One of the biggest perks of cryptocurrencies is the anonymity of transactions. At the same time, only a few cryptocurrencies offer real anonymity and, surprisingly enough, Bitcoin isn't one of them!
Why do we really even need privacy features if we aren't criminals, dealing drugs, or sailing on nefarious sites within the dark web? Well, we don't have to be criminals to protect our private life, and money is an important part of it. In a world where all bank transactions are monitored and with the risk of all your savings being frozen with the click of a button, it’s possible that private anonymous transactions will become more and more popular over time.
Wealthy people used Swiss banks for centuries, as Swiss bankers kept their clients’ credentials secret. Nowadays, however, they hand over that info to the US government and there are only a few options left for those seeking privacy. One of them is paying with cash, while another one is hiding money in offshore accounts. But the latter is only available to rich people and can be considered illegal in many countries. Anyway, there’s a third option: private coins that are available to anyone. Thus we’ll be talking about these in this article, such as TeleCoin, Monero, Zcash, and we’ll see what solution is the best among them.
Bitcoin – no longer anonymous?
Initially, when it was still relatively new, Bitcoin was used for shady things, such as trading in the dark net, buying/selling drugs, weapons, fake documents, etc. People were doing it, because there was no way to find out the true identity of the two exchanging parties, as there was no connection to real people and real bank accounts, only a sequence of numbers and letters.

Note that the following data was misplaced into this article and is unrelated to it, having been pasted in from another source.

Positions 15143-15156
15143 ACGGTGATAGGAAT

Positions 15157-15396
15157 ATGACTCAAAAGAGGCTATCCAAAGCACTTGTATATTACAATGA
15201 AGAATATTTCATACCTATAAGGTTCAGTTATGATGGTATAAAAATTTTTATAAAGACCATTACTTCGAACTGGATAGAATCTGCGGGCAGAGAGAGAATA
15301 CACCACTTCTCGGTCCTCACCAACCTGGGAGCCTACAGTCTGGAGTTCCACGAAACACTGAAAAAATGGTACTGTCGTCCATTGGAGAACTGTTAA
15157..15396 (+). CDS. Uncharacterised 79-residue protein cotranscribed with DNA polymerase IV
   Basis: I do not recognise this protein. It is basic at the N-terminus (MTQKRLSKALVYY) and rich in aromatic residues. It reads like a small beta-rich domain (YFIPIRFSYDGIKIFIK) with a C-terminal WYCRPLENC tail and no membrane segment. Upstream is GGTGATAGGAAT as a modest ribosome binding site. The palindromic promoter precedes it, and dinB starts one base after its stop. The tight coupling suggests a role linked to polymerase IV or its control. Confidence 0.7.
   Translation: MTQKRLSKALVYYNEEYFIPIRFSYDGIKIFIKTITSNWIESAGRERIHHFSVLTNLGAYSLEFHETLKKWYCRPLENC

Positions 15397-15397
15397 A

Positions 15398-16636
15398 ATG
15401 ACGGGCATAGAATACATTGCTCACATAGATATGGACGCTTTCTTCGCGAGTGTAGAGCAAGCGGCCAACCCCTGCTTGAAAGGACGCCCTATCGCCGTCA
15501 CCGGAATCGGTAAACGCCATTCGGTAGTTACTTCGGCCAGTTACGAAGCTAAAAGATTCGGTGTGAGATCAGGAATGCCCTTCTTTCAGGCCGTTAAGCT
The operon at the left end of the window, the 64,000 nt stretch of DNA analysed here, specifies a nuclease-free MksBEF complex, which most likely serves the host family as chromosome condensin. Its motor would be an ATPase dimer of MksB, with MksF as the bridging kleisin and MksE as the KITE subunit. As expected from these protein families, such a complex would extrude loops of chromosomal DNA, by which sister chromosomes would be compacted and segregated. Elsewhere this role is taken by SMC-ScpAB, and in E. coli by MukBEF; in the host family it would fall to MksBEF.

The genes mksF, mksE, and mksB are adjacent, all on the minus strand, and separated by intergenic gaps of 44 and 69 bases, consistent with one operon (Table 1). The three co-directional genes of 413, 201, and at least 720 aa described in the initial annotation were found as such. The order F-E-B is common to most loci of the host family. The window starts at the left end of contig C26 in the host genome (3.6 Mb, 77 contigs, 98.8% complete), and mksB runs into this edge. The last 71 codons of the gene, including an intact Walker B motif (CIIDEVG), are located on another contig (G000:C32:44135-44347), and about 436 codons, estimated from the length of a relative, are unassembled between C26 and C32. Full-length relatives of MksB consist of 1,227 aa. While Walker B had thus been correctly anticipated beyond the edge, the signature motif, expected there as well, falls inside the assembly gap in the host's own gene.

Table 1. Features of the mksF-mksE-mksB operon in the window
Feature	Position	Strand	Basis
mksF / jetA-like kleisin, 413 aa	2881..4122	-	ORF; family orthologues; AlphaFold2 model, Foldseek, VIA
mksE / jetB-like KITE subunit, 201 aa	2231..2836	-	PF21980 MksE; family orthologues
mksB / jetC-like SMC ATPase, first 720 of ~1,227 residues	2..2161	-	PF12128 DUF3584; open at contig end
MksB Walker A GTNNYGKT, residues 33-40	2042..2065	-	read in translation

During that time, people were mining “clean” Bitcoins, which had no history. The privacy was kept only because nobody cared about Bitcoin yet. Now the landscape has changed. New coins are being mined by large mining pools, and FBI/CIA have advanced tools to track real identities of Bitcoin owners. They get help from companies like Elliptic and Chainalysis. Also, according to Snowden’s leaks, the National Security Agency has been monitoring the internet activities of Bitcoin users since 2013 through a program codenamed OAKSTAR.